Helen Higson FRSA, Liz Moores and Rob Summers argue that higher education establishments need to take a multi-pronged approach to supporting students’ during these challenging times.
Across the world, there is concern that the current pandemic will deepen inequalities, which were already present amongst young people. One enduring way it is expected to do this is via reductions in educational opportunities.Whilst schools have for some time used learner dashboards to monitor their pupils’ progression and achievement, traditionally universities have advocated a more self-motivated and independent approach. Universities are relatively recent adopters of learning analytics techniques, now harnessing digital technology to track student behaviours such as attendance and the use of the virtual learning environment and library. This data – electronically updated daily – provides tutors with an early indication of potential issues, which may impact on student retention and success. It also encourages student engagement via ‘self-monitoring’.
Learning analytics systems have purported to confer various benefits in terms of student retention and narrowing attainment gaps, but much of the research analyses data at the end of the academic year, rather than ‘live data’. This may be fine for ongoing policymaking or predicting failure on a post-hoc basis, but it does not help students who need support during the year. In these challenging times, it is more important than ever to be able to react quickly to provide extra support for those who need it, and to identify students from particularly at-risk groups.
Recent evidence undertaken by the authors at Aston University has demonstrated that students with higher engagement with their studies in the first three weeks of their first term at university can be a predictor of higher attainment at the end of the year. More importantly, on average, students who increase their engagement by the end of the academic year still do not reach the same levels of attainment as those who have had high engagement at the start of their studies, regardless of whether the engagement activity of the ‘early high engagers’ decreases.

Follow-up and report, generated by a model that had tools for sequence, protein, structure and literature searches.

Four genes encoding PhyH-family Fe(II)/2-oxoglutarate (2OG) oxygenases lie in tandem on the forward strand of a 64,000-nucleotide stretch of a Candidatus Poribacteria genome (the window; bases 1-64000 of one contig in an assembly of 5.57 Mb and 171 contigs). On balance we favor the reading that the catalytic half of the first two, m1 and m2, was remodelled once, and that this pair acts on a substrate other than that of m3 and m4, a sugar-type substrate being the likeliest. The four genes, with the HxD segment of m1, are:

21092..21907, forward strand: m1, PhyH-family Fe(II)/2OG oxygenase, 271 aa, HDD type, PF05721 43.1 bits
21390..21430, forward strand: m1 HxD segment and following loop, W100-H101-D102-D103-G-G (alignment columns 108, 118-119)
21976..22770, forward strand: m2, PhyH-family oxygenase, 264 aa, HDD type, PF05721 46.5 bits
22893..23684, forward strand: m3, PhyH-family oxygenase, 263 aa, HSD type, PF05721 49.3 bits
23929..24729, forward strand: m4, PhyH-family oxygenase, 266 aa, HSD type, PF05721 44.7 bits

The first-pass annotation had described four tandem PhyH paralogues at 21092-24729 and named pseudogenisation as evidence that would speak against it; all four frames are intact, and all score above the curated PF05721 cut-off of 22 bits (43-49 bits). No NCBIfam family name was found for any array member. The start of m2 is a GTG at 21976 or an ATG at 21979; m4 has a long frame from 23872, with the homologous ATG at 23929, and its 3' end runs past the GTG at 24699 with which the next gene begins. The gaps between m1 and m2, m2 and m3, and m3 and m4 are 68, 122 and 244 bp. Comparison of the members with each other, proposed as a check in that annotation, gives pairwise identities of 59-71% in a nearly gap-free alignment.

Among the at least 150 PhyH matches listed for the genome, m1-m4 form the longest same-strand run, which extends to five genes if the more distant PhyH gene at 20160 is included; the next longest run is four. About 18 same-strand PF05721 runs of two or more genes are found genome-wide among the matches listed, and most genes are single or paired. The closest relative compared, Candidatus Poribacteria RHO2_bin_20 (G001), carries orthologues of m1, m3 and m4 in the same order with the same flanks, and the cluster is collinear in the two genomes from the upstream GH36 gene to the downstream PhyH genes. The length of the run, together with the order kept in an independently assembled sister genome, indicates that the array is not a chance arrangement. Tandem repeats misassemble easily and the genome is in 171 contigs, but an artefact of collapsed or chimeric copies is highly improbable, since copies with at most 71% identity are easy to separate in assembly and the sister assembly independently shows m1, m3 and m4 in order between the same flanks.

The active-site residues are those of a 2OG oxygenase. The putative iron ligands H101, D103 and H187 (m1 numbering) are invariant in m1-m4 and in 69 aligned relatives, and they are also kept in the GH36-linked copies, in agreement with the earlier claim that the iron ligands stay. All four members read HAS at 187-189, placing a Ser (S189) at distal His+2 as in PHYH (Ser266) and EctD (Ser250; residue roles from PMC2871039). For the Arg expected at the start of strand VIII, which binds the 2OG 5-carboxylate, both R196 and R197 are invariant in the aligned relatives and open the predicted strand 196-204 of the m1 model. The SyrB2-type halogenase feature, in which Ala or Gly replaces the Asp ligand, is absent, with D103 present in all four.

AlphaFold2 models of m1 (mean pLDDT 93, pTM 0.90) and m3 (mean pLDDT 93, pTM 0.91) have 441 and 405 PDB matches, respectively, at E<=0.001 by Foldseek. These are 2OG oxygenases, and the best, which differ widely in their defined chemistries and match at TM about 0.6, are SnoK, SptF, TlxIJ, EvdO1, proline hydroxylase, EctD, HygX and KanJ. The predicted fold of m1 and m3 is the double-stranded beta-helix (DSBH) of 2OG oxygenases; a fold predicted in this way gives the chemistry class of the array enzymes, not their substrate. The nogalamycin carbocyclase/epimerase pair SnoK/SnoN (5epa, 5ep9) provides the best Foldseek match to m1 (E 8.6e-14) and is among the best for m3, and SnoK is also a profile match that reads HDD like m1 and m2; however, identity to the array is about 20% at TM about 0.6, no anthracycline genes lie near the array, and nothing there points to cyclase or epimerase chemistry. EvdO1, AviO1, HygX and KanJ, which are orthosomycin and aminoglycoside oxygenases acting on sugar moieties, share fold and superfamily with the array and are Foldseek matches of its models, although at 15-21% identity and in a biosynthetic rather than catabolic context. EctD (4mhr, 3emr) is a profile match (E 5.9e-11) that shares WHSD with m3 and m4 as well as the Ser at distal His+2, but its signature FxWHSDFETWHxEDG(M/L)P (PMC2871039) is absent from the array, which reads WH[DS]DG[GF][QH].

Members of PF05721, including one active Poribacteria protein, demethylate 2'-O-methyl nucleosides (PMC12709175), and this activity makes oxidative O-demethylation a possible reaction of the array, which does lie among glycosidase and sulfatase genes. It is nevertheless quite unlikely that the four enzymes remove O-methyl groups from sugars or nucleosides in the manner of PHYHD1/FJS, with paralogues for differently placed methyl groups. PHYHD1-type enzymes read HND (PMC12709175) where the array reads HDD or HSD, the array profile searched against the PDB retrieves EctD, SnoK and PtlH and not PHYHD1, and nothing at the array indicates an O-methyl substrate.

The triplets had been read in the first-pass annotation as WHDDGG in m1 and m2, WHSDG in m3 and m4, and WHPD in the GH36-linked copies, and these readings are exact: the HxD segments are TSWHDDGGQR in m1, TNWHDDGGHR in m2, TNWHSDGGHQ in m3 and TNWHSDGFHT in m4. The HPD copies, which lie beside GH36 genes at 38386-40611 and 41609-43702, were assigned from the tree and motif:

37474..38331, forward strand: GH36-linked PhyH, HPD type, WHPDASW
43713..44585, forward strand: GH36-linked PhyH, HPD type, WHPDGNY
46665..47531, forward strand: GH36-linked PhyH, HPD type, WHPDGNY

This understanding affords us various opportunities to reduce attainment gaps and provide a more inclusive educational experience. Whilst we accept that some students may be in a better position than others to engage with their studies early and often, we hypothesise that at least part of the difference may result from a lack of understanding of the process of studying and nature of higher education. In other words, students who do not know what it is they are supposed to be doing; for example students with little family experience of higher education.
It seems reasonable to speculate that the risks of these students falling through the net in this way are even greater if a large proportion of students’ studies is being provided online, rather than face-to-face. Even when online learning opportunities are designed well, there are fewer physical opportunities to make connections, clarify understanding and address personal challenges. This is where the analytics system can come into its own, by encouraging students to track their own behaviour against the behaviour of others in their cohort and to discuss their progress and activities at regular intervals with their personal tutors. We are anticipating that these processes should help to reduce the differences between those students with and without the ‘social capital’ and understanding about requirements in higher education.
Research has shown that this approach is not likely to address all inequalities. For example, research by Nguyen et al and published in2019, showed that in a distance-learning environment, BAME attainment gaps cannot be accounted for by time spent on the virtual learning environment; on average BAME students were spending more time studying to achieve the same level of academic performance. Our (unpublished) data supports this view. Moreover, learning analytics cannot be used on its own but need to be used in conjunction with other interventions and types of support. This might include specific guidance to students on what is expected week by week in each module or incorporating wide-spread peer mentoring opportunities to ensure that students have access to role models like them from previous years. According to Moores, Birdi and Higson, well-designed and supported periods of work experience may also mitigate the BAME attainment gap, as well as reducing gaps between those with higher vs. lower prior attainment.
Overall, we would therefore encourage education establishments to employ a multi-pronged approach to supporting students’ during these challenging times; academically, pastorally and experientially.
Professor Helen Higson FRSA OBE is Provost and Deputy Vice Chancellor at Aston University and her research is into intercultural and employability competences, Professor Liz Moores is Deputy Dean of Aston’s College of Health and Life Sciences and a psychologist, her research evaluates policy in higher education and Rob Summers is a postdoctoral researcher.